A little over a decade later, however, Mr Lay's life would look very different.
The Enron trial attracted worldwide attention and massive pressures
Enron went bankrupt in 2001, with debts of $31.8bn (£18bn), leaving 4,000 people jobless and wiping out many investments.
The company's shares plummeted, prompting a global sell-off and questions about the veracity of corporate accounting.
But the Enron crisis went much deeper than money.
It blew into the political arena because of Mr Lay's close relationships with the government, and with President George W Bush in particular.
Nicknamed "Kenny Boy" by the president himself, Mr Lay and Enron poured substantial sums into Mr Bush's various campaigns in what appeared to be a relentless quest for political influence.
But when the scandal broke, Mr Lay found his high-powered connections were of little use as he became the focal point for the bitter feelings of employees who had lost their jobs and savings.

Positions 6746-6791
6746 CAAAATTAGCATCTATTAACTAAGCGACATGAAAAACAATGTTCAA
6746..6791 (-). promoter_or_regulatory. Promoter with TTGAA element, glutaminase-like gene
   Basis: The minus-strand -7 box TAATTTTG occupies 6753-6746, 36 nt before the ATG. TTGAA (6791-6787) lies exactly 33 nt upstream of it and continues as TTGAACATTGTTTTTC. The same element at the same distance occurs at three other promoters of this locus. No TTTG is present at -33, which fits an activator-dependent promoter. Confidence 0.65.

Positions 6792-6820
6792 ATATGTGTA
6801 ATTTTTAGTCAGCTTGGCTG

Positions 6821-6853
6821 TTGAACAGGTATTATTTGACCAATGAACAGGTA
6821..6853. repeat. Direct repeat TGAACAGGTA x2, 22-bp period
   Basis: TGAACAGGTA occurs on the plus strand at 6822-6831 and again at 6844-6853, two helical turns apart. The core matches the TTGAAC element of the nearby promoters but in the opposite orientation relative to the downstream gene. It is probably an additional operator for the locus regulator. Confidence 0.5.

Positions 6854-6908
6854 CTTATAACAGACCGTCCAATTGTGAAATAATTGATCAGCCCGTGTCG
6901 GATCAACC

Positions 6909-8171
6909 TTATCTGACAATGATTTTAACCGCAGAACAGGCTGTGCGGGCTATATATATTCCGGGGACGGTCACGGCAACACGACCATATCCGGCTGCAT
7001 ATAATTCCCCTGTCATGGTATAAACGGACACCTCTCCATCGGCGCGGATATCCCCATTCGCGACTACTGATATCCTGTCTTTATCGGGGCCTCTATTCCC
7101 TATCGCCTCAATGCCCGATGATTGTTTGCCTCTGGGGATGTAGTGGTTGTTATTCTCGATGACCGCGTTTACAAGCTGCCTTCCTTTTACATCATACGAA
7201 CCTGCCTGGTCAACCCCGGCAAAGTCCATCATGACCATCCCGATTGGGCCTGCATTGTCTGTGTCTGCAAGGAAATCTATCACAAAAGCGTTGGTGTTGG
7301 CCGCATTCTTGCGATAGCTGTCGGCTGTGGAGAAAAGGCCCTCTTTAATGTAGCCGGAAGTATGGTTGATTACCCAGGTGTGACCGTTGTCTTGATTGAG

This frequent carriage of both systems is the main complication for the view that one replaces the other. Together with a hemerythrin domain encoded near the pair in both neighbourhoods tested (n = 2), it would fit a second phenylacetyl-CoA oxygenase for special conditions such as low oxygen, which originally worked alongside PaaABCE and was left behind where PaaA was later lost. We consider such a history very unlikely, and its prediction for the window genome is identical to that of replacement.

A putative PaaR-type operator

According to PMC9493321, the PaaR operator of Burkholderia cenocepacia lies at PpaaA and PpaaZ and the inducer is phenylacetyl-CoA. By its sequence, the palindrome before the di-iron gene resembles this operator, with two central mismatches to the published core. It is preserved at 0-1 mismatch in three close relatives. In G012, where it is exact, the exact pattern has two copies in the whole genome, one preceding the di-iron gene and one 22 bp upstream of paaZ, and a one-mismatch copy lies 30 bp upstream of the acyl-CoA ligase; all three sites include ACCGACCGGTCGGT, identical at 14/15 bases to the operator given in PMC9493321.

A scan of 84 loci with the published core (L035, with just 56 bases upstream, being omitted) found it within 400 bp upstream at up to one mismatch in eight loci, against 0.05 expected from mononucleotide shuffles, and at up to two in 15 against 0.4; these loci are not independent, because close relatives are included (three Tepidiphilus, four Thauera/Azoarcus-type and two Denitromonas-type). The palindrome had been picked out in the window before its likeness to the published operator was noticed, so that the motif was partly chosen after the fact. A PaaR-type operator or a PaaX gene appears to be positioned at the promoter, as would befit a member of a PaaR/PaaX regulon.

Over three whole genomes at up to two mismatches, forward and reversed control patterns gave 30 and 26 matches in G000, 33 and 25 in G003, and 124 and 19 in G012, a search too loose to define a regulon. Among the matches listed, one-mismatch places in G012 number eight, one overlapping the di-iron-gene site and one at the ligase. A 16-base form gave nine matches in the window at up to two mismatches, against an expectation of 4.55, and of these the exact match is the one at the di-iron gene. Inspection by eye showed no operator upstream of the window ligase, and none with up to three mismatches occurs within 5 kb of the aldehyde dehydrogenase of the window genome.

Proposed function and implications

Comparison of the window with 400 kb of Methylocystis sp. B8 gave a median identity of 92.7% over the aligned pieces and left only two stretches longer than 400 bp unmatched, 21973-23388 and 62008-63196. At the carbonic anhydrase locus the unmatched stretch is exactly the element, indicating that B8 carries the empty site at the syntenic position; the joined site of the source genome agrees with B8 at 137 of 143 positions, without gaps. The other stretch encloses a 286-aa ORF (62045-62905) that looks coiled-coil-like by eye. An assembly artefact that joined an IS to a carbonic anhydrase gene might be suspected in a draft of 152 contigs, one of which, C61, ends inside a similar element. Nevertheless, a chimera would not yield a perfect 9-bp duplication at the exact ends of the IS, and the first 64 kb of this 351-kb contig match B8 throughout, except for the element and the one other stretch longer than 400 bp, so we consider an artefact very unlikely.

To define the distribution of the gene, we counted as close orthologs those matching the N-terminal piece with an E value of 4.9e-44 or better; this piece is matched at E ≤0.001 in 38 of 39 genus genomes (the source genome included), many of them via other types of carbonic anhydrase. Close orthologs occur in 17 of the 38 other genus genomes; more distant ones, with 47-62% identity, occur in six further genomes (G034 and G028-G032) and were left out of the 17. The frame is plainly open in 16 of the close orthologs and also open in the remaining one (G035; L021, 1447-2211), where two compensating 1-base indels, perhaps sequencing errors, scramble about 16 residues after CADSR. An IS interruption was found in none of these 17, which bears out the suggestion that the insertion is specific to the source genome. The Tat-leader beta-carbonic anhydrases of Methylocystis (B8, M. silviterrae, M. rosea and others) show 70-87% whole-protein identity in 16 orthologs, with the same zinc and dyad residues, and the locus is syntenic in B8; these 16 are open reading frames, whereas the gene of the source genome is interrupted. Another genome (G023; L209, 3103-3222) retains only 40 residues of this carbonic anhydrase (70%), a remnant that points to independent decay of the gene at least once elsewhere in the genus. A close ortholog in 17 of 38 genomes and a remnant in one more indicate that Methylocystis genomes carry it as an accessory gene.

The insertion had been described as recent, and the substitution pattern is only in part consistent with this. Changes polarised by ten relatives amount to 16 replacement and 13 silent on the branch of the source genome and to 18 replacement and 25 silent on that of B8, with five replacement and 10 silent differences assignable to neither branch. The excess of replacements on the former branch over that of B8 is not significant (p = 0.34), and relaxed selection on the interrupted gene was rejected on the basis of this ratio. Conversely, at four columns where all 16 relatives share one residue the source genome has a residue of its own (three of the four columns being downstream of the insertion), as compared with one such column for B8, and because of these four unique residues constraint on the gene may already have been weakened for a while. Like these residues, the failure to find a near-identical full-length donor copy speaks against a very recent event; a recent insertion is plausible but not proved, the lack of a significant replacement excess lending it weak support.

An increasingly isolated figure, Mr Lay looked to assign the blame for Enron's problems elsewhere.
He had been a well-meaning boss, he claimed, who had been too busy to check facts and had been duped by the people working for him.
"I have done nothing wrong, and the indictment is not justified," Mr Lay said when federal prosecutors first charged him.
He later went on to say that the collapse of Enron had been the worst moment in his life.
But if Mr Lay had hoped his pain would win the sympathy of jurors, or that they would take into account his success in turning an unspectacular natural gas pipeline company into a financial powerhouse, then he was mistaken.
Wendy Vaughan, one of the jurors at the trial of Mr Lay and his co-defendant Jeffrey Skilling, said that she wanted to believe what they were saying but "there were places in the testimony I felt their character was questionable".
Mr Lay had intended to appeal against his conviction.
But with his death, Ms Vaughan's assessment of him - and many which are less charitable - will stand unchallenged.